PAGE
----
Everything Inside

A title can add a subterranean layer of suspense—when will we encounter it? what will it mean? how much heft will it insist upon?—or it can plainly get things moving. Over short stories like “Dosas,” “The Gift,” and “Hot-Air Balloons,” Edwidge Dandicat’s titles do both. 

The reference to the title of her new collection, Everything Inside, is to be found inside “Dosas,” the first story, on a defaced sticker on a door—and it feels like that when you read it, like the story is the opening door.

In that story, a young live-in nurse runs afoul of her dying patient’s daughter, who isn’t much impressed with her level of care, given all the phone calls the nurse is receiving—until the nurse gives in and explains that her ex-husband’s girlfriend has been kidnapped back in Port-au-Prince. 

Haiti feels like the heart or the mind or the guts of the book, whether the characters have made it to Miami or elsewhere. Haiti waits.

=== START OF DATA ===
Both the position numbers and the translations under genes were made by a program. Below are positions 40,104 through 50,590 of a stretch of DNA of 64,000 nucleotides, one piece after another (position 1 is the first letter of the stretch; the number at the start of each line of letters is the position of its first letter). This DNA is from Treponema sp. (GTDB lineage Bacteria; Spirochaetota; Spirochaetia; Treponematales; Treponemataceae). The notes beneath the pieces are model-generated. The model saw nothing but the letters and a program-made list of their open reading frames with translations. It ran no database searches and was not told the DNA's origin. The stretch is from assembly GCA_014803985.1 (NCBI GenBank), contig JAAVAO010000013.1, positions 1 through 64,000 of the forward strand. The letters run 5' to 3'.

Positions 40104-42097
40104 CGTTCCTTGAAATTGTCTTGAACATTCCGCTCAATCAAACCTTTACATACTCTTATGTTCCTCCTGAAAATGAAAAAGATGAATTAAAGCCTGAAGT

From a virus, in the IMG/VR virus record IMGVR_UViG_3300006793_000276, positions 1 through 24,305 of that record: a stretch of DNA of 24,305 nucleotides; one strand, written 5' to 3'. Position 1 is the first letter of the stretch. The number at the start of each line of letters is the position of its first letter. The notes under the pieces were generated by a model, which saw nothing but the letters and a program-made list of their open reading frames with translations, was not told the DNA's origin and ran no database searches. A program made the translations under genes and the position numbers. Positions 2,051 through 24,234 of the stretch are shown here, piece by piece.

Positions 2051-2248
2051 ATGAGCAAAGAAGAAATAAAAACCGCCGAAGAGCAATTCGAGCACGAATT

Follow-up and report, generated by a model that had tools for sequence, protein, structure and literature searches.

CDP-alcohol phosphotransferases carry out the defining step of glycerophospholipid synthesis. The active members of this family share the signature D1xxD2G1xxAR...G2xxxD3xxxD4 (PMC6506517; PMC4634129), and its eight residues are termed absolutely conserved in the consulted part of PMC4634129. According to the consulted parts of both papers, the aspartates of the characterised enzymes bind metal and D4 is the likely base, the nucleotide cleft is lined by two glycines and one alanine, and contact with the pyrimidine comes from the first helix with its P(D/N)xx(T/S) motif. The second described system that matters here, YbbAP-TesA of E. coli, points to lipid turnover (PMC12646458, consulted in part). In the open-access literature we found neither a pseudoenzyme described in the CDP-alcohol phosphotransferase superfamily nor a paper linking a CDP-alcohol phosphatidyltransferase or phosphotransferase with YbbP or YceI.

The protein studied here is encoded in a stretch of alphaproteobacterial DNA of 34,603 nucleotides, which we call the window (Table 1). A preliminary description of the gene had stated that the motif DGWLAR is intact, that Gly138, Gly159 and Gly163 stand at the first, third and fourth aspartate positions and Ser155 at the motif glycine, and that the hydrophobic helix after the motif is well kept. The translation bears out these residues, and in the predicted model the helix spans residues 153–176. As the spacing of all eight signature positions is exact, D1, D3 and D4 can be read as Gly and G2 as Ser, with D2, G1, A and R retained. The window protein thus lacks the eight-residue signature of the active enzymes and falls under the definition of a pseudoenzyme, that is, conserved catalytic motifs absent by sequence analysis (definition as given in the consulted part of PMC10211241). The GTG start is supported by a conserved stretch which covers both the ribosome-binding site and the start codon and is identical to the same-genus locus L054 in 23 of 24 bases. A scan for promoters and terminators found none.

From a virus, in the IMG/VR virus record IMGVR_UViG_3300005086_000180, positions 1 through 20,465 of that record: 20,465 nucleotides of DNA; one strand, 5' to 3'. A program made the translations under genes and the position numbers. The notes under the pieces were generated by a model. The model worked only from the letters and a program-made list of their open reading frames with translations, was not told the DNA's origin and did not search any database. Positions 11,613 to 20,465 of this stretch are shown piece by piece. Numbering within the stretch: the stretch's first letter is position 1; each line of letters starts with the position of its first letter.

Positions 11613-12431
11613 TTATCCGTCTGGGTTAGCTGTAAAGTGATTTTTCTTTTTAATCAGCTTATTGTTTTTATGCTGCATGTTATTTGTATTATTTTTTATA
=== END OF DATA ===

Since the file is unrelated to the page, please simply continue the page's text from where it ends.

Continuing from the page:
Calling Danticat’s prose placid or calm or clear makes it sound, what, boring? So that’s not right. She has a way of calibrating emotion in a matter-of-fact way that somehow heightens the emotion. When the stories take wild turns—and they can, they do, one guy falls five hundred feet into a cement mixer—they nonetheless unfold with that prose I’m not describing well yet, with maybe implacable grace, like, This is what happens. This is what life is. It was only a matter of time. PLEASE READ


Everything Inside by Edwidge Danticat, from Knopf